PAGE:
By Namini Wijedasa
The Muslim Religious and Cultural Affairs Ministry has presented to the Government a bill called the Madrasa Education Regulatory Act that seeks to set up a Board with powers of regulation, registration, supervision, control and development of education within Madrasas in Sri Lanka.
The Sunday Times obtained a copy of the draft which is seen as a move towards addressing a longstanding vacuum in Madrasa regulation. The Muslim Religious and Cultural Affairs Department said this week that there were 1,675 Quran Madrasas across 24 districts in the country.
The only district without one is Kilinochchi, which also does not have Arabic Colleges or Ahadiya (Sunday) schools. The highest number of 344 is in the Ampara district, followed by Colombo which has 161 and Batticaloa 148. Arabic colleges are also most numerous in the Ampara district, with 42, followed by Puttalam with 38 and Kandy 28.
The Madrasa Education Regulatory Act envisages the creation of a Madrasa Education Board comprising nine Muslim members to advise the Minister on policy matters. “The power of regulation, registration, supervision, control, development and improvement of Madrasa education in Sri Lanka shall vest in the Board.”
It has a separate provision that states that an employee of an affiliated Madrasa “shall not take part in, or subscribe in aid of, or assist in any way, any movement or any activities tending directly or indirectly to excite disaffection against the Government as by law established, or to promote feelings of hatred or enmity between different communities of citizens of Sri Lanka, or to disturb the peace and order”. The Madrasa Education Board shall cause the registration of all Madrasas, Arabic Colleges or other such institutions teaching Quran, Arabic language, Islamiat–that is, Tafsir, Hadith, Fiqh, Kalam, Usul, M’aqulat, Faraid and relevant subjects–whether incorporated or not. None of them would be permitted to function unless registered under the proposed law.
The Board members will include three Islamic theologians with expertise in Madrasa education; three eminent persons with “considerable experience” in education; representatives of the Ministries of Education and of Skills Development; and the Director of Muslim Religious and Cultural Affairs. The Registrar, Controller of Examinations and the Inspector of Madrasas are among the public officers to be appointed.
The Board will have power to grant or withhold or withdraw registration from a Madrasa based on its compliance of standards set out in a quality assurance manual. It could prescribe curricula and recommend examinations and assessments; prescribe criteria for the annual students intake based on needs; and develop and promote studies in humanities including Arabic language and literature, Islamic history, Sri Lankan history, Sinhala and English languages and culture.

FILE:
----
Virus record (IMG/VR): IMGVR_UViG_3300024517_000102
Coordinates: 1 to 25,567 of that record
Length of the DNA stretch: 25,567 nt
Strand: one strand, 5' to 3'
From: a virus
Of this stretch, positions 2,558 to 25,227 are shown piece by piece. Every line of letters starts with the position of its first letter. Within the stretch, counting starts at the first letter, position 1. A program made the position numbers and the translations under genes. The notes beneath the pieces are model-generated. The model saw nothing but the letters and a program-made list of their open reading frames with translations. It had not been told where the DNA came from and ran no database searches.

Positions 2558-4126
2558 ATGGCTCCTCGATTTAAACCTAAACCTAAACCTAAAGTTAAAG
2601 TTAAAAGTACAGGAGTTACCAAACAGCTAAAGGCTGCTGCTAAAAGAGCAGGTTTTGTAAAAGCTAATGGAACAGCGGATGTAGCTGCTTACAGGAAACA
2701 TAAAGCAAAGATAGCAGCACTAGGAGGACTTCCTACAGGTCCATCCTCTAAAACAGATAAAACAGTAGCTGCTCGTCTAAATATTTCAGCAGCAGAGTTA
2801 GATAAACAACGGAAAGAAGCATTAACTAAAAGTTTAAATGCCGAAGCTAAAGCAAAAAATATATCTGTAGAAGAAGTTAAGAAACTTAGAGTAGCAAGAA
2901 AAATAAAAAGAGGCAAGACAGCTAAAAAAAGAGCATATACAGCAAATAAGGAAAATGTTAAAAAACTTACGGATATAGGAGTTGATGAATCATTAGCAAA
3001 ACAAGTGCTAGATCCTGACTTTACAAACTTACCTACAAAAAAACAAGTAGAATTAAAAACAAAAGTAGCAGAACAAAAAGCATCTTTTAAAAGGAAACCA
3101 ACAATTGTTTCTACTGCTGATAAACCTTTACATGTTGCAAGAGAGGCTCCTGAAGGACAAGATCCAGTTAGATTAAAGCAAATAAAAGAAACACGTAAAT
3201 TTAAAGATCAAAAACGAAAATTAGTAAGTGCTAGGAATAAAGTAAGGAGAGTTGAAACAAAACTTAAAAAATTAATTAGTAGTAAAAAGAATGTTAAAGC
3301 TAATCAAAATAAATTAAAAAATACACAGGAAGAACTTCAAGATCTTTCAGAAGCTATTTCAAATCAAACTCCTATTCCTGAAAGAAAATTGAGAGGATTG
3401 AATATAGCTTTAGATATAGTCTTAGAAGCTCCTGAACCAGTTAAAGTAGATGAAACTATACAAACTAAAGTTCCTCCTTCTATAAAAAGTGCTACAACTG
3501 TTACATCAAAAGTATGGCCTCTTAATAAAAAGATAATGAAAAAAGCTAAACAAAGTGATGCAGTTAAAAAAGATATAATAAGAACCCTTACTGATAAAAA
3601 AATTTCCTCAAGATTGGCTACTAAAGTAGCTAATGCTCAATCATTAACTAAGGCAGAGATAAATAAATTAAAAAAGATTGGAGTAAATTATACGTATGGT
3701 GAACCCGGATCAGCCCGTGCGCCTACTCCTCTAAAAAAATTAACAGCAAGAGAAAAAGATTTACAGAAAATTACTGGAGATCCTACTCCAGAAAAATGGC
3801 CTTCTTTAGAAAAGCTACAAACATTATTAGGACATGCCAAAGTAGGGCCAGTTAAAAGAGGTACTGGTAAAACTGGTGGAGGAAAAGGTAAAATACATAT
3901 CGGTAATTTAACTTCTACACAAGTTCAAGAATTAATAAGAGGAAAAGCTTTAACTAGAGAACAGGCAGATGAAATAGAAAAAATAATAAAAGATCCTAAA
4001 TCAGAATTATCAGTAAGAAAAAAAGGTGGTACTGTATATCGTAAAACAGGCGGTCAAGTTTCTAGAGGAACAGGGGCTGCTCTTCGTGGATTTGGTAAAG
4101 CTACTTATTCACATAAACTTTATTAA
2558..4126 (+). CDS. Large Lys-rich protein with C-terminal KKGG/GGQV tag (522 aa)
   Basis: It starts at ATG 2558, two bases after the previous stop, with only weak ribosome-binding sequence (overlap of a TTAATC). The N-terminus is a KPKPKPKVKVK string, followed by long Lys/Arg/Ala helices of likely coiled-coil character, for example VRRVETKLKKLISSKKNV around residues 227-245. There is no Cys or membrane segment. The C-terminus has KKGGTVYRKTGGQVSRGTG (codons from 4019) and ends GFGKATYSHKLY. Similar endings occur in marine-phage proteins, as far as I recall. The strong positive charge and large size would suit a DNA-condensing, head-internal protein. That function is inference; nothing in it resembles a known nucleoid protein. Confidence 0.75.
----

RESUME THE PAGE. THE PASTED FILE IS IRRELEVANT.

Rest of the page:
A quality assurance manual will be developed with details of registration procedure, student admissions, regular monitoring, qualifications of teaching staff, courses delivered as per curriculum, and basic infrastructure requirements.
The Board could grant certificates, diplomas and higher national diplomas to persons who have passed its examinations and also withdrew these if required. It could hold and manage endowments and award scholarships, stipends, medals and prizes. And it could liaise with the Ministries of Education, Higher Education and Skills Development to improve Madrasa instruction.
The Act will also set up a Madrasa Fund to accept all grants, donations, gifts, contribution and bequests made to or in favour of the Fund.
At present, there is no serious oversight of Madrasas which have mushroomed around the country in recent years. The syllabuses are not unified and the ones offered by Arabic Colleges are in Arabic. They are only looked at by the Department during registration. There is no monitoring or review process.
The Muslim authorities also recognised that the products of these religious schools and Arabic Colleges were not suited to the job market, said M R M Malik, Director of the Department. In 2017, the Ministry set up an expert committee to look at whether a national examination could be conducted based on a unified syllabus under the Examinations Department but the plan did not reach fruition.
The opening of so many religious schools is also facilitated by West Asian donors who believe the most merit is earned from funding water projects, facilities for fatherless children and religious institutions like mosques and Madrasas.
Government MPs have in the meantime asked the Madrasas to be brought under the Education Ministry.